/ai/ in Brain (=Brian), buy (2, =by), deiying/ dieying/dieing (2, =dying), kaliedoscope, liabary (=library), me (2, =my), paralized,sosity (=society).
Othr notebl confusions ocurd as in addition (=audition), afull (=awful), aloud (=allowed), babon (=baboon), crewl (=cruel), dosen't (=doesn't), inturperet (=interpret), lonley (=lonely), meny, thoght, wepans, and repeatdly in freind (15) and frend (3), compared with 83 ocurences of th corect form friend. Al these vowl errs wer in varying degrees atributebl to th lak of straitforwrd sound-symbl corespondnces in english. Very few vowl errs apeard unmotivated; but such wer en (=in) and personlity, wile luv myt be explaind or excused as a wilful coloquialism.
3.2. Mispelt or omitd shwa ocurd most ofn in post-accentul position, thus in final unstresd sylabls in acter, closists (=closest), consios (=conscious), favourate, independant, intelligant, listern (2, =listen), politicion, Sharan, sponcerd (=sponsored), wepans (=weapons), and in medial unstresd sylabls in alcaholic/alcholic, crimenals, diffrent, famly, intelegent/ intellegent, intrested/ intrests, jewellry (contrast americn jewelry, british jewellery), knowladgeable, misrable, orphaniges, prejidice, proberly (=probably). Th mispelling catorgery for category shows this err twice. Shwa cud ocasionly also be mispelt in initial sylabls, as in corea (=career), Farari (=Ferrari), sucure (=secure). Th virtul silence of a vestijl shwa in forms like TO different, interest may then also sujest to riters that simlr vestijl shwas lurk unsuspectd in othr comprbl environmnts, as between a consnnt and R; this wud explain th intrusiv e in th form inturperet.
4. Mispelt consnnts.By far th gretst dificlty experienced by riters with consnnts concerns wethr they shud be ritn dubl or singl. Th presnt corpus containd th foloing instnces of faild dublng: F in of (=off), G in drugie (=druggie), L in academicaly, aloud (=allowed), intelegent, equaly, polution, realy, tele (=telly), M in imature, N in anoy, billionare, questionaire, P in apreciate, droping, R in aray, embarassing, Farari, tommrow (=tomorrow), S in posible, proffesional. Conversly, false dublng was seen as with: D in saddness, F in off (=of), proffession/ proffessional/ proffesional/ proffetional, L in allone, allready, allways, helpfull, M in tommorrow, tommrow, P in appart.
Also quite widespred wer errs asociated with th overlapng uses of th letrs Q, K, C, S, T, X, Z. Th foloing instnces wer found: check (norml americn for british 'cheque'), thik, sponcerd (=sponsored), consios (=conscious), critisise (2), injustis's, sosity (=society), practice (acceptbl americn for british 'practise'), sucess/ sucessful/ succsessful, raisist/rasiste (=racist), proffetional, sexsist. Probbly asociated with this jenrl area of confusion, tho strictly speakng unmotivated vowl errs, wer th forms Leicster (=Leicester), muscian (=musician). Th repeatd ocurence of th abreviation ect (=etc) may also be seen in th same context, riters being unclear wethr th abreviation shud retain th capitlized letrs in EtCeTera or in ETCetera?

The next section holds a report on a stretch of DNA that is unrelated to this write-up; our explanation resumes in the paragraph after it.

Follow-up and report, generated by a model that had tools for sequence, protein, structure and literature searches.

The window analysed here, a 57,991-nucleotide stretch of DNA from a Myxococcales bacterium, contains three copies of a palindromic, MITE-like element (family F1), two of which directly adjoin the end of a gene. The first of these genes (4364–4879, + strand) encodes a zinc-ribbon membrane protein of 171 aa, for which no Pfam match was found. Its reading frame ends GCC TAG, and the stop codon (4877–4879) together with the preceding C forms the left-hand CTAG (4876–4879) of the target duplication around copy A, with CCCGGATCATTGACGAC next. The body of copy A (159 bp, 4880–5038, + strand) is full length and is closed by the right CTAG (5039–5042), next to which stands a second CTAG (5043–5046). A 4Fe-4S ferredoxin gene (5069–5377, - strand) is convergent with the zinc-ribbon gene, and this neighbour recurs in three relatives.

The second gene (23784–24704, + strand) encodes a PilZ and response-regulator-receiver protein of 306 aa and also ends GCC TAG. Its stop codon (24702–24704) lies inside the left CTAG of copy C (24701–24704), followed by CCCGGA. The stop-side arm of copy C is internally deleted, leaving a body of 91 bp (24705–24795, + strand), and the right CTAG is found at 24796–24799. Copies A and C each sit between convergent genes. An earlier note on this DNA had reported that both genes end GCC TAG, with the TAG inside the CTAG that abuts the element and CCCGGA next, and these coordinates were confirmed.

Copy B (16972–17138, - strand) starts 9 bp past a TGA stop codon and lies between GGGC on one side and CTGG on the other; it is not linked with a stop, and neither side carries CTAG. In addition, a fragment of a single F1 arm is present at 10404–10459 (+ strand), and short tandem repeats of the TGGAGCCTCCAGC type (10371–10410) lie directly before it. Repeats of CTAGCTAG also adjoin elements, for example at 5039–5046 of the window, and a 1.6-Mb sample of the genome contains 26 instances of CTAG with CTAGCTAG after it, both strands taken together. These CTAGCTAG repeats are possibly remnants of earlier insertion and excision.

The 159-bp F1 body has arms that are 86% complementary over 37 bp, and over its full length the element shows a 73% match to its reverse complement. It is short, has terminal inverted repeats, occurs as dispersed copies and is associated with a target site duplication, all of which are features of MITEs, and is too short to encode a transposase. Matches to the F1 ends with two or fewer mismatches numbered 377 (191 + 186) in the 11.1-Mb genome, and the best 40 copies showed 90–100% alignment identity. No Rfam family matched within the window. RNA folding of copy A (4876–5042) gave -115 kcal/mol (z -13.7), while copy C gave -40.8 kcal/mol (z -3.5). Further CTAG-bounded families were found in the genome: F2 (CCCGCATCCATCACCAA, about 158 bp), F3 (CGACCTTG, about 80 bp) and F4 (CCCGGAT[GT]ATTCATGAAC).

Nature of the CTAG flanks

Most othr consnnt errs apeard th result of poor articulation or inadequat fonemic/gramaticl analysis, as in th forms ashma (=asthma), brillant, decen (=+t), involve (=+d), tamp (=tramp), understand (=+s), vanblue (=vandal). Simplification of consnnt strings, as in decen for decent, is a comn featur of non-nativ riting (and speakng) wen th riters mothr tong dos not use such strings, and ther ocurence in th presnt corpus may be a syn of non-nativ-speakng bakground. Alternativly, it may reflect orthografic imaturity, as such simplifications also caractrize th spelng of th yungst riters. In a few instnces, th orijn of this group of errs lay clearly or probbly with th vagaris of english spelng, as in coulndn't, talbe (=table), were (=where).
5. Silent letrs.Silent letrs enjoy particulr notoriety in ritn english, and sure enuf they produced a modest crop of errs in this corpus. Predomnnt among them was silent E, wich was somtimes omitd, as in aloud (=allowed), sponcerd (=sponsored), unfortunatly, your (=you're), and somtimes insertd, as in behinde, moveing, pouche, rasiste (=racist), whose (=who's). Th word else was twice mispelt with a medial E (eles elese), in a manr stranjely remnisnt of its Midl English form elles. An isolated case, but striking in its own ryt, was th form nowing (=knowing). For non-rotic speakrs (ie english speakrs ho only pronounce R befor a vowl), as our questionair respondnts wil like th majority of th english mostly hav been, th letr R is a constnt sorce of uncertnty; thus we se it omitd in corea (=career), but insertd in proberly (=probably).
 Wing, A M & Baddeley, A D (1980) 'Spelling errors in handwriting: a corpus and distributional analysis' in Frith, U (ed.) Cognitive Processes in Spelling, London: Academic Press.
 Upward, Christopher (1987) 'Can Cut Speling Cut Mispeling' in Journal of the Simplified Spelling Society, J6 1987/3, pp21-24.
 Abbott, Elizabeth M (1976) Spelling Errors in Ugandan English: their Patterns, Possible Causes and Suggested Implications for Teaching, Thesis submitted for the degree of MEd at the University of Manchester.
 Brown, Adam (1988) 'A Singaporean Corpus of Misspellings: Analysis and Implications' in Journal of the Simplified Spelling Society, J9 1988/3, pp10.
 Text Archive of the Oxford University Computing Service, 13 Banbury Road, Oxford OX2 6NN.
 Brooks, Greg; Gorman, Tom; Kendall, Lesley (1993) Spelling it out: the spelling abilities of 11- and 15-year-olds, Slough: National Foundation for Educational Research.
 Upward, Christopher (1993) '"Quite good" or "totaly unacceptbl"?' in Journal of the Simplified Spelling Society, J15 1993/2, pp9-11.
 Th results of th english part of th 1981 survey wer presentd in: Simmons, Cyril & Wade, Winnie (1984) I like to say what I think, London: Kogan Page.